DM. Adipocytes, secrete a number of biologic products (leptin, TNF-, free fatty acids, resistin, and adiponectin) that modulate insulin secretion, insulin action, and body weight. They may contribute to the insulin resistance. In the early stages of the disorder, glucose tolerance remains normal, despite insulin resistance, because the pancreatic beta cells compensate by increasing insulin output.

Pathogenesis- Type 2
As insulin resistance and compensatory

hyperinsulinemia progress, the pancreatic islets in certain individuals are unable to sustain the hyperinsulinemic state.
IGT then develops.
A further decline in insulin secretion and an increase

in hepatic glucose production lead to overt diabetes with fasting hyperglycemia.


Ultimately, beta cell failure may ensue.

Pathogenesis- Type 2
The decreased ability of insulin to act effectively on

peripheral target tissues (especially muscle and liver) results from a combination of genetic susceptibility and obesity. Increased hepatic glucose output predominantly accounts for increased FPG levels, whereas decreased peripheral glucose usage results in postprandial hyperglycemia.

Pathogenesis- Type 2
In type 2 DM, insulin secretion initially increases in

response to insulin resistance to maintain normal glucose tolerance. Initially, the insulin secretory defect is mild and selectively involves glucose-stimulated insulin secretion. The reason(s) for the decline in insulin secretory capacity in type 2 DM is unclear.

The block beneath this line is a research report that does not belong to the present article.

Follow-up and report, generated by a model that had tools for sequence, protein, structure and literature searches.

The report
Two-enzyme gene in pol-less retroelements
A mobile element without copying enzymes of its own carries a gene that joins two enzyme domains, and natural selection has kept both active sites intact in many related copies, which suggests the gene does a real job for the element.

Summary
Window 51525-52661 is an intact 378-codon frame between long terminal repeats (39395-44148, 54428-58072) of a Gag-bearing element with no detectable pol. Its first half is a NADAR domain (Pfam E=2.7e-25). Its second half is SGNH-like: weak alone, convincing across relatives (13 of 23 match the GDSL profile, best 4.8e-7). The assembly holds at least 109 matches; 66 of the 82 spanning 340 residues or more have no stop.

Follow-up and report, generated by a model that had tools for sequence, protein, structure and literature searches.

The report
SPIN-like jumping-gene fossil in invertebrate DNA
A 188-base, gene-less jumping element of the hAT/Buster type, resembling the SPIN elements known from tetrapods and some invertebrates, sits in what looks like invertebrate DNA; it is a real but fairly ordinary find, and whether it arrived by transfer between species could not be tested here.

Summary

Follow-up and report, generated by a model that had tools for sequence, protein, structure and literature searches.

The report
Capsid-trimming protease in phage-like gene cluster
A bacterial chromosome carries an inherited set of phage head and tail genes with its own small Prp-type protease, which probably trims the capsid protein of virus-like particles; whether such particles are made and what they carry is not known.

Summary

Pathogenesis- Type 2
In type 2 DM, insulin resistance in the liver reflects the

failure of hyperinsulinemia to suppress gluconeogenesis, which results in fasting hyperglycemia and decreased glycogen storage by the liver in the postprandial state. Increased hepatic glucose production occurs early in the course of diabetes, though likely after the onset of insulin secretory abnormalities and insulin resistance in skeletal muscle.

Clinical Features-Type 1
Polyuria,Polydipsia,Polyphagia,Weight loss

Systemic symptoms include tiredness, malaise, lack of

energy, and muscular weakness Infections :Genital candida infections, causing recurrent pruritus vulvae in women and balanitis in men. Pyogenic skin infections and urinary tract infections. Diabetic ketoacidosis

Clinical Features-Type 2
Polyuria,Polydipsia,Polyphagia,Weight loss. However, most present with complications:

Hyperglycemic hyperosmolar state can present with confusion or coma, diabetic ketoacidosis is rare.
Chronic diabetic complications may be a presenting

feature. These include myocardial infarction, stroke, and peripheral vascular disease( DM foot), cataract and retinopathy.

Diagnostic criteria
Random blood sugar >11.1 mmol/L(200mg/dL) Fasting plasma glucose > 7.1 mmol/L(126mg/dL on at

least 2 different occasions (normal 4-6.1 mmol/L)


2 hour post prandial >11.1 mmol/L(200mg/dL) after

75g of oral glucose (normal <7.8 mmol/L)

Impaired fasting btw 6.1-7.0 mmol/L


Impaired 2hr post prandial btw 7.8-11.0 mmol/L